- Wrist Stretch: Hold for 15-20 seconds
- Forward Bend: Hold for 30 seconds
Muscles Trained with Spider Curls
Spider curls target the following muscles:
- Biceps Brachii Muscles
According to the National Institute of Health, they are in charge of body strength, aesthetics, elbow flexion, and support the upper body muscle group for steady muscle growth .
Mistakes to Avoid When Doing Spider Curls
I've noticed that certain spider curl mistakes can lead to either bulging biceps or underperformance in my clients' training.
This is what you must avoid:
- Using Momentum: Don’t use momentum or swing the weight up. Ensure you control the motion and focus on muscle contraction.
- Incomplete Range of Motion: Extend your arms at the bottom of each rep to make the most of spider curls.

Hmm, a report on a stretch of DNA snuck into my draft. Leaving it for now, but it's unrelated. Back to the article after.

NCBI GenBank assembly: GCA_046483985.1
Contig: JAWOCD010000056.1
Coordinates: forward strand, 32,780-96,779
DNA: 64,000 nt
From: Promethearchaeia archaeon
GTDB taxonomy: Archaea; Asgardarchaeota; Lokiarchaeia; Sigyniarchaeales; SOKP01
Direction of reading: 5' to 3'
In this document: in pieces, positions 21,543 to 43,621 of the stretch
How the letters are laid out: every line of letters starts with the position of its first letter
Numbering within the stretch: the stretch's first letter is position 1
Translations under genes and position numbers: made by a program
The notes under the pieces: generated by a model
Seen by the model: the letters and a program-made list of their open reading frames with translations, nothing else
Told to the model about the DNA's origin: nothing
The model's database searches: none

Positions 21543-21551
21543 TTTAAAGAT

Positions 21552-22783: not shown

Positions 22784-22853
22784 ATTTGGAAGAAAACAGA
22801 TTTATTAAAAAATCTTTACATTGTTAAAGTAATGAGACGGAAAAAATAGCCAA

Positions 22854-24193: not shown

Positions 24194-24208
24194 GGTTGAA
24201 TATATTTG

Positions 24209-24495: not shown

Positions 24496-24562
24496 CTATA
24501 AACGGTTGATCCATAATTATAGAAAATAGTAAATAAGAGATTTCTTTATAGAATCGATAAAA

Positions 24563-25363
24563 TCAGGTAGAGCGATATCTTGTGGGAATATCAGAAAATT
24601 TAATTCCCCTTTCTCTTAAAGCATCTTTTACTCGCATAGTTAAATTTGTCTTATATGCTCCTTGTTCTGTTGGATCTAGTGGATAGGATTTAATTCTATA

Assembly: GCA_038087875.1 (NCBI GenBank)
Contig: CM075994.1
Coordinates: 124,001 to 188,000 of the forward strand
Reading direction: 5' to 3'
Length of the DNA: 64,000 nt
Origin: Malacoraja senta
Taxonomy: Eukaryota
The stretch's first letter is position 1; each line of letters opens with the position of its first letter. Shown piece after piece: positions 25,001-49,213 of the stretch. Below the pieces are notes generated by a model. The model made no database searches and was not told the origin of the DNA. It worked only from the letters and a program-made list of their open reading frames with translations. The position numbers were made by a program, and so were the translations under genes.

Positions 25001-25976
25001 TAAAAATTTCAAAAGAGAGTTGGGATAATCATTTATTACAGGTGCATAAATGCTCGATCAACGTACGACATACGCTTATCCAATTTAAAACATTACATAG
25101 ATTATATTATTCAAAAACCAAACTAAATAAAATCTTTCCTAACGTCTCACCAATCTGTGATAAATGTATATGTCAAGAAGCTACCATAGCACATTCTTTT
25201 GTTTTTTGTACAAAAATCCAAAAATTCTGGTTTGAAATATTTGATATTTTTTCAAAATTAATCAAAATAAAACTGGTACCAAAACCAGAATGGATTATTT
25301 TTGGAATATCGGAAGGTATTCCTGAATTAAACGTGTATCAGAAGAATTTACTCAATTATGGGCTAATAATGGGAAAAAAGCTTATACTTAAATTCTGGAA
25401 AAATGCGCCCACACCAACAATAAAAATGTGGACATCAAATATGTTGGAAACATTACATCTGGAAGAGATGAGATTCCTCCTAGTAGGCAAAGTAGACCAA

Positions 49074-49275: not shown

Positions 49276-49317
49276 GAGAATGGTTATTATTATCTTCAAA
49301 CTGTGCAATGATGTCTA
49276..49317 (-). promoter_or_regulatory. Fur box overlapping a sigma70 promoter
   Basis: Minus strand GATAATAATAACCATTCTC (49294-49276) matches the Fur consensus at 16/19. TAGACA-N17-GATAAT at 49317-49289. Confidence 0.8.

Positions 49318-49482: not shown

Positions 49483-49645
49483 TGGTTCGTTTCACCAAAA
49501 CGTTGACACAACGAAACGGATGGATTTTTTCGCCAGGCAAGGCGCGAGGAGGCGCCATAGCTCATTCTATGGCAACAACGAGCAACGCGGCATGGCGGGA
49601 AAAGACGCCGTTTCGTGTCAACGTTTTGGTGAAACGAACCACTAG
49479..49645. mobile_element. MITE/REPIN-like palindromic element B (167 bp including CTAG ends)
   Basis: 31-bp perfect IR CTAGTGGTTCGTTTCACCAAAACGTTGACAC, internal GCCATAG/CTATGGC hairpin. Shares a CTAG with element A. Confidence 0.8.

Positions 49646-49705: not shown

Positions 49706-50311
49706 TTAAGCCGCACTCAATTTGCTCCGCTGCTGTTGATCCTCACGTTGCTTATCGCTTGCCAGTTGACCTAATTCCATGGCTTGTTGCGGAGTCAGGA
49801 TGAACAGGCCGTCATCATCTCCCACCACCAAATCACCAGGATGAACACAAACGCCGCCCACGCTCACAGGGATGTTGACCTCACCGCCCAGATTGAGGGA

- Rushing the Movement: Spider curls are most effective when performed slowly and deliberately. Try to maintain a steady pace throughout the set, taking about two seconds to lift the weight and another two seconds to lower it.
- Lifting Too Heavy: Your form will suffer if the weight is too heavy. Lifting lighter weights with perfect form is better than heavier weights with poor technique.
- Ignoring the Negative: Lowering the weight (the eccentric or 'negative' part of the movement) is just as important as lifting it. During this phase, a lot of the muscle damage that leads to growth occurs.
Can I Do Spider Curls at Home?
Yes, you can do spider curls at home. You need a set of dumbbells and an inclined bench. You can improvise with any sturdy, inclined surface if you don't have an inclined bench.
Can I Do Spider Curls Without a Bench Press?
Yes, you can do spider curls without a bench press. While the inclined bench is a staple in performing spider curls, you only need an inclined surface.
Are Spider Curls Necessary for My Training?
Yes, spider curls can be a valuable addition to your training routine, especially if you aim to enhance your biceps' size and definition.